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Apr 06
Monday
Mandala Projects, Mountain States
Understanding Shambhala Mountain Center
The Great Stupa of Dharmakaya Which Liberates Upon Seeing in moonlight by Marc O’Donoghue

The Great Stupa of Dharmakaya Which Liberates Upon Seeing in moonlight, photo by Marc O’Donoghue

By Jon Barbieri, Executive Director

So much has been said and speculated about what is happening here at Shambhala Mountain Center that I thought it would be helpful to communicate what we are doing, what our vision is, what practical challenges we face, and how important it is that we succeed.

We have evolved to having two major facets to our mission: one we are familiar with is the deepening of practice and study for one’s spiritual journey, as we all know this land as an incredible environment for the energy of drala and the powerful atmosphere created by the presence of so many lineage holders teaching here. The second facet of our mission, which is just beginning to open up, also has a lot to do with the vision of the Sakyong – how can we build bridges to other communities, share riches, and begin to examine issues that we all face as a human society.

Our programming is beginning to reflect this, more and more. We offer practice intensives for Shambhala community members, but are also opening our doors to other traditions, including Native American, Sufi, Christian, and Jewish. In 2006, the Dalai Lama visited to receive the Living Peace Award from the Sakyong, in a gathering that included Queen Noor of Jordan and Rabbi Irwin Kula. This event was an auspicious launching to the role that the Sakyong aspires of the entire Shambhala community, as well as Shambhala Mountain Center, can play in fostering peace in local, regional, or international areas of dispute. We are also developing programs around leadership in the business community, intended to address the mistaken view of greed and focus on principles of openness, intelligence, and compassion.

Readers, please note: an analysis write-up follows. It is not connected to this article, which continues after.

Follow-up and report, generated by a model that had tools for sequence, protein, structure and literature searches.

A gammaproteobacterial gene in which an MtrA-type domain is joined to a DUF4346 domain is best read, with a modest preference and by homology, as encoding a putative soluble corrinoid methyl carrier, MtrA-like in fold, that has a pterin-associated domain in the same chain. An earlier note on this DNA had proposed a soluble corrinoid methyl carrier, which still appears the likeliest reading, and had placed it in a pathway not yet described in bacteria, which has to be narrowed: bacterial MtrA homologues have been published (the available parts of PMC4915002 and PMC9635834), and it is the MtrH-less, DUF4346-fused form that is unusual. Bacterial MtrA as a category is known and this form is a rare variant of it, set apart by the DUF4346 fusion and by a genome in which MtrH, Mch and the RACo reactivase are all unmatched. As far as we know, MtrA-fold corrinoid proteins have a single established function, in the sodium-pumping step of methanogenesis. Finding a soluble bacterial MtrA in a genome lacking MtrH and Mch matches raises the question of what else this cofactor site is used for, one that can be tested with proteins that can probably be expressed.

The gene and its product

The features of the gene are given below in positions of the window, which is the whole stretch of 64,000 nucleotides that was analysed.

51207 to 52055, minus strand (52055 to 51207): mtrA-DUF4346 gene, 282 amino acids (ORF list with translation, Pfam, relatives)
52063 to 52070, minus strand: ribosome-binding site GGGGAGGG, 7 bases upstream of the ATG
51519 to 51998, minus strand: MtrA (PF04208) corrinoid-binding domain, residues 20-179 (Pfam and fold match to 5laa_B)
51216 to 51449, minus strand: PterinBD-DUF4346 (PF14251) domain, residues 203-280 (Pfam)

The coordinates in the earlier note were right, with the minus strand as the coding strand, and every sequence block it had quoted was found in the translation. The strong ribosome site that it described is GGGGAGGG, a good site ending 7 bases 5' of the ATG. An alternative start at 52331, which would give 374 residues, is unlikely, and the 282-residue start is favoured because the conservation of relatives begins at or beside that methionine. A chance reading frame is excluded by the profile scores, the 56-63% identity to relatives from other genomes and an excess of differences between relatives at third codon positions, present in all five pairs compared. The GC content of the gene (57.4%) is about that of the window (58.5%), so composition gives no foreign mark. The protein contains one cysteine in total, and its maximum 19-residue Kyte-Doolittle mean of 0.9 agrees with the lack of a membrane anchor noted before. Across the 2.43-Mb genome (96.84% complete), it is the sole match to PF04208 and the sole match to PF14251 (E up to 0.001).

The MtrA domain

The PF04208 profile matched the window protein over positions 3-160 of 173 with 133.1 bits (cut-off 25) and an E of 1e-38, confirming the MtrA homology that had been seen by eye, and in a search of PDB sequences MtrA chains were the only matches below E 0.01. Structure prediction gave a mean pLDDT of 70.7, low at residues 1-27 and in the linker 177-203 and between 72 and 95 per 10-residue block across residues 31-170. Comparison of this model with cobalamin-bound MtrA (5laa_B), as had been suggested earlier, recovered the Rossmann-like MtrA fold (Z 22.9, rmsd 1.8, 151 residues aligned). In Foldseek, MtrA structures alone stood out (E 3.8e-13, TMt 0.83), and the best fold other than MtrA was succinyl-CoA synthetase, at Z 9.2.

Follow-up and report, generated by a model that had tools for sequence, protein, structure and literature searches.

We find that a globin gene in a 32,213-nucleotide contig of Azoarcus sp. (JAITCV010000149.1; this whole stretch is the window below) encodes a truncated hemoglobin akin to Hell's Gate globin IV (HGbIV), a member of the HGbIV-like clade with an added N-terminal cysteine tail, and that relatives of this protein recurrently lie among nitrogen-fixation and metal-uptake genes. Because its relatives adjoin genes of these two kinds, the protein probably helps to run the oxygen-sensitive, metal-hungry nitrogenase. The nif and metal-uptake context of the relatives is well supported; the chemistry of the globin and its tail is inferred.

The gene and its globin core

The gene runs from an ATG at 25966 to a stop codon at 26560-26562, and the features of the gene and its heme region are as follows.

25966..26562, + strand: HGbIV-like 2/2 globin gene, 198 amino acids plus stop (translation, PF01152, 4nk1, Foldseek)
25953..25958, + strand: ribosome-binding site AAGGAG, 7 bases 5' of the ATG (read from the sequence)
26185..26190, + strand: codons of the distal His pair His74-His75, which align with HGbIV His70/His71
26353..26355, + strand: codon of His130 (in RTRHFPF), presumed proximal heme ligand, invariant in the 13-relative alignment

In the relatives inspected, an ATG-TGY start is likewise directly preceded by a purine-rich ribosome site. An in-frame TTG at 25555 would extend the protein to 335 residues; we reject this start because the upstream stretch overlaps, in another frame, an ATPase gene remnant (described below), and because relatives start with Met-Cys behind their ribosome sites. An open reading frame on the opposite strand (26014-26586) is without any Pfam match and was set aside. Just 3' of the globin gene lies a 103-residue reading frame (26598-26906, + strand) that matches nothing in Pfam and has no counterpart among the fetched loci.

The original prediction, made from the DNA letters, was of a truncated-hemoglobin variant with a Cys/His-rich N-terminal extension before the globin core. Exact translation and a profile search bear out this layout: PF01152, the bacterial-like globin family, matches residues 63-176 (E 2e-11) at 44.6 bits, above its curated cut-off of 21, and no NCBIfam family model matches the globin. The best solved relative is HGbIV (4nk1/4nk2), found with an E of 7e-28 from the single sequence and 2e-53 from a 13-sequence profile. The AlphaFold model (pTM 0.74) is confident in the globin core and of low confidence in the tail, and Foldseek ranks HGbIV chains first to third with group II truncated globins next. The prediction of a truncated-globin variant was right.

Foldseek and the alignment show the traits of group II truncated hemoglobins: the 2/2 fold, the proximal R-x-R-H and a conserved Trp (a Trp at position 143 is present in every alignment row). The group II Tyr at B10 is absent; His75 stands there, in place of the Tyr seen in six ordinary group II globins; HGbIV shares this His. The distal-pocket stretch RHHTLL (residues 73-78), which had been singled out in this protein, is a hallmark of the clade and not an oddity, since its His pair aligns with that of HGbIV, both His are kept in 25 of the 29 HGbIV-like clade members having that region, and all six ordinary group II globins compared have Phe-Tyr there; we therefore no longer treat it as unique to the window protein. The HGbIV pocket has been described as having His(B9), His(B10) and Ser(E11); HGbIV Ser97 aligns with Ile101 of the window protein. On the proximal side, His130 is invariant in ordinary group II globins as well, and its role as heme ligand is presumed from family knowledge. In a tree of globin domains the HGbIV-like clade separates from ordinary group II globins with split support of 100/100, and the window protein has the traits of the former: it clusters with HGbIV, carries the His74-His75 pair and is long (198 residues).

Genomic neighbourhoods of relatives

Flloor of the Great Stupa, photo by Charlene Leung

Floor of the Great Stupa, photo by Charlene Leung

On the physical front, you may have fond memories of RMDC from the ‘70’s and 80’s, or the Summer Camp which emerged after the 1986 Seminary, and we have now evolved into having three splendid buildings: Sacred Studies, and the Shambhala and Rigden Lodges. In order to fulfill the two aspects of our mission, and be a place where people from all kinds of backgrounds and experience can come, we need to work on our infrastructure – such as utilities, technology and communications – and add additional basic buildings, such as a dining room and staff housing. It is the aspiration of the Sakyong that, at some point in the future, Shambhala Mountain Center has the potential to be a Center for Peace, where leaders can come to receive training in mindfulness, the cultivating of compassion, and further learn how to withstand the aggression that they are dealing with.

The heart of everything that we do embodies the lineage of Sakyongs that includes our Buddhist path and Shambhala practices and aspiration to create enlightened society.

Floor of the Great Stupa, photo by Charlene Leung

Floor of the Great Stupa, photo by Charlene Leung

On the financial side, we face many challenges, not unlike other institutions similar to us at this time. Operationally, our revenues cover 72-90% of our expenses; our goal is in three years, minimum, to achieve a stable 90% of operating expenses and, eventually, to meet those expenses. We also service debt and must raise money to improve and expand our infrastructure needs. We can neither reach too far, nor can we stay still.

We wish to have ongoing communication and dialogue with the community both through articles such as this, presentations in various centers and exchanges about views, needs, and expectations. This is an extraordinary time, and I think it’s safe to say a pivotal time, for Shambhala Mountain Center. If you have any questions, suggestions, offers of assistance, please contact me.

Please leave comments below and, if you would like to contact Jon Barbieri directly, please click here.

Visit the Shambhala Mountain Center website by clicking here.

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